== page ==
The current strong foothold of Chinese enterprises on the African continent concerns many western observers. They fear that the West will lose leverage in Africa and simultaneously postpone development. Paradoxically, the advance of Chinese enterprises in Africa is not only the result of deliberate Chinese policies to gain access to resources and markets, but also the consequence of liberal African investment policies imposed by Western donors in the past. This article uses Zambia as a case study to challenge the often one-sided view of the local consequences of China's engagement with Africa, and it shows that we need to consider the type of policies that guide investment flows in order to increase the local benefits of China's growing presence in the continent.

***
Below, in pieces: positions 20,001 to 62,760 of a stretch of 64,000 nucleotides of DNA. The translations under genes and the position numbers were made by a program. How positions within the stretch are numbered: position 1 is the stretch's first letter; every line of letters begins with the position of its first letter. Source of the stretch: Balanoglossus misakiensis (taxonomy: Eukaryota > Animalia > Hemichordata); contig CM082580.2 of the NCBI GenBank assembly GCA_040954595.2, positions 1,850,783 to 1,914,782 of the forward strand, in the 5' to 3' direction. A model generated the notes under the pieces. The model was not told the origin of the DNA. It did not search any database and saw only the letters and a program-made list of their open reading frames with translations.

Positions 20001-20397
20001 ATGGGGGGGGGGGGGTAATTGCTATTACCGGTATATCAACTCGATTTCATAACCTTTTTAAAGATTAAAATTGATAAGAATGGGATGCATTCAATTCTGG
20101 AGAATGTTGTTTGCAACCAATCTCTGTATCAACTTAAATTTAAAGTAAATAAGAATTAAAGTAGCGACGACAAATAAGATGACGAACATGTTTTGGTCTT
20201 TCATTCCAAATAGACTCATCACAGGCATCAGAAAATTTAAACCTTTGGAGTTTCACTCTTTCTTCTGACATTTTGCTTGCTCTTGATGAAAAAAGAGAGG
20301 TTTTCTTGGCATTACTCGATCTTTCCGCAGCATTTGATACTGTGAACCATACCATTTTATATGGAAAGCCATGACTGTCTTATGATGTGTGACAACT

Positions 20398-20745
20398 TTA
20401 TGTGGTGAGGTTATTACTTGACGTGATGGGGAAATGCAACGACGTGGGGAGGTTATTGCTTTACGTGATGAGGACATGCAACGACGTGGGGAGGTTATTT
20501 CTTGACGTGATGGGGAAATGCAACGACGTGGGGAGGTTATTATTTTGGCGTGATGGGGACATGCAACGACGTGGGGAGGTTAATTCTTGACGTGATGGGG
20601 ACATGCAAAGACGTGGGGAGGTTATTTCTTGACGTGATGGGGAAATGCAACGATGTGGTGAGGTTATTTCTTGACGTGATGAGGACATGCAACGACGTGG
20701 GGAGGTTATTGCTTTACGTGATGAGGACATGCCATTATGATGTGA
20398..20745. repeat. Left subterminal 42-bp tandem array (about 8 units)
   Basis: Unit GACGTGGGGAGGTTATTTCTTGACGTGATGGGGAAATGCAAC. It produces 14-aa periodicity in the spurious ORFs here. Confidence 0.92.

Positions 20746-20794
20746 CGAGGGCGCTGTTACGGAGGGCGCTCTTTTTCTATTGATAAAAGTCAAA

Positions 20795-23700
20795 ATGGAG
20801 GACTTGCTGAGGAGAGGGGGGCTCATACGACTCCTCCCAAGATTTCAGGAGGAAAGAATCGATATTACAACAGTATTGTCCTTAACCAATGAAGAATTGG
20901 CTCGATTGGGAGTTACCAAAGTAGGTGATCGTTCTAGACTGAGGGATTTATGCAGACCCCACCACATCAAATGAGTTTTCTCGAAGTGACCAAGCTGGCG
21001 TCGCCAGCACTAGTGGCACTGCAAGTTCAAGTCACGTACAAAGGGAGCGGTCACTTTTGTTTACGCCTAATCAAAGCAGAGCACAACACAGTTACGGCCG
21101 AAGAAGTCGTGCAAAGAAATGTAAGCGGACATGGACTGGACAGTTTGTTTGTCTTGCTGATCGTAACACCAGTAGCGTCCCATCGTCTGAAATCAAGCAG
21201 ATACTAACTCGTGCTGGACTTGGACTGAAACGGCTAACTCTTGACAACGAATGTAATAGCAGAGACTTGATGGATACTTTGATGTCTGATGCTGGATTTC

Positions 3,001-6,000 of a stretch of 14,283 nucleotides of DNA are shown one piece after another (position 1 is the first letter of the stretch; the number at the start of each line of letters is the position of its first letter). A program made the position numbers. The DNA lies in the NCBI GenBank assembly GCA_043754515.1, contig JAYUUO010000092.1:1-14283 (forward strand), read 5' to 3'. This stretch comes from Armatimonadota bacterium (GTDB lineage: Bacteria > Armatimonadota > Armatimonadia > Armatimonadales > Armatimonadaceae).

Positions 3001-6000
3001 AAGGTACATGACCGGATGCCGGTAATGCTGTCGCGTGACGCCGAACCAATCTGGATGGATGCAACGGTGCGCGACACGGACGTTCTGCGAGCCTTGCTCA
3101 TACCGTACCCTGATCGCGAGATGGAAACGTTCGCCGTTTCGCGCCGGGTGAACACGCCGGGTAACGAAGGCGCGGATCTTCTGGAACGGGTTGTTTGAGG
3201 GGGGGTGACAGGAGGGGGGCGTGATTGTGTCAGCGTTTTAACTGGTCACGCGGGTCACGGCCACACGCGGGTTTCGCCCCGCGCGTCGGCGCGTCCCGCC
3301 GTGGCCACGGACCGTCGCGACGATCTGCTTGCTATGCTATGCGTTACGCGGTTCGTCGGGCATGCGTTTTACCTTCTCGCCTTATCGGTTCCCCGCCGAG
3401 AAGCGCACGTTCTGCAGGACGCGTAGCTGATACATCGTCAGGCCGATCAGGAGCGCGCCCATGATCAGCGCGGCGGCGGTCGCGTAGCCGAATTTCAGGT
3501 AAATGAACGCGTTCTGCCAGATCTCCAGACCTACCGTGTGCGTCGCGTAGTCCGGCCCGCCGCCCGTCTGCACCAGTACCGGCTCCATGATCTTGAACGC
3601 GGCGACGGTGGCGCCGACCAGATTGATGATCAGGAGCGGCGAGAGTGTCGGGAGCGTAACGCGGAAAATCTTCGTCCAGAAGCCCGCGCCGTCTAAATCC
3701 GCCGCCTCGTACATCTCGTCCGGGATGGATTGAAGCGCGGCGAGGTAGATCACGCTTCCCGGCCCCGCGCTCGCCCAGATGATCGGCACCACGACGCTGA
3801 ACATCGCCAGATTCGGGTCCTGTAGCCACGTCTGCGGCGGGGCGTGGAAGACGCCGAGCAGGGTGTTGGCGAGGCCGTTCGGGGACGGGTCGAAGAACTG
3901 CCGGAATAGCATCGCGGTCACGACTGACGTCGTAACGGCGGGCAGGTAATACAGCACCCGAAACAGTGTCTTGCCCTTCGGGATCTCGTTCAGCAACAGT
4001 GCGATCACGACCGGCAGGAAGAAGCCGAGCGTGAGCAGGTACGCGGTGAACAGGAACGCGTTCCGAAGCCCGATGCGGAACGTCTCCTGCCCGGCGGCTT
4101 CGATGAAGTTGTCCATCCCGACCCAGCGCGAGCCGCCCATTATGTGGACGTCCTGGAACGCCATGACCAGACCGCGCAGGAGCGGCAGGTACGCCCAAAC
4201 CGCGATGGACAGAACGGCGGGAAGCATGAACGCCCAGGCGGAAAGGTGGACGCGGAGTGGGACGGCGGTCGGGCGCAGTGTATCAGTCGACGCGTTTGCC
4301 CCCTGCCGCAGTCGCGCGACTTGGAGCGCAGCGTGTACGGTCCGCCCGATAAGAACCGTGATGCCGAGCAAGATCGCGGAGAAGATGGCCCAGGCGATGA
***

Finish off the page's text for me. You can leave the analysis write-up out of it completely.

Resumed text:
|Journal||Review of African Political Economy|
|Publication status||Published - 2009|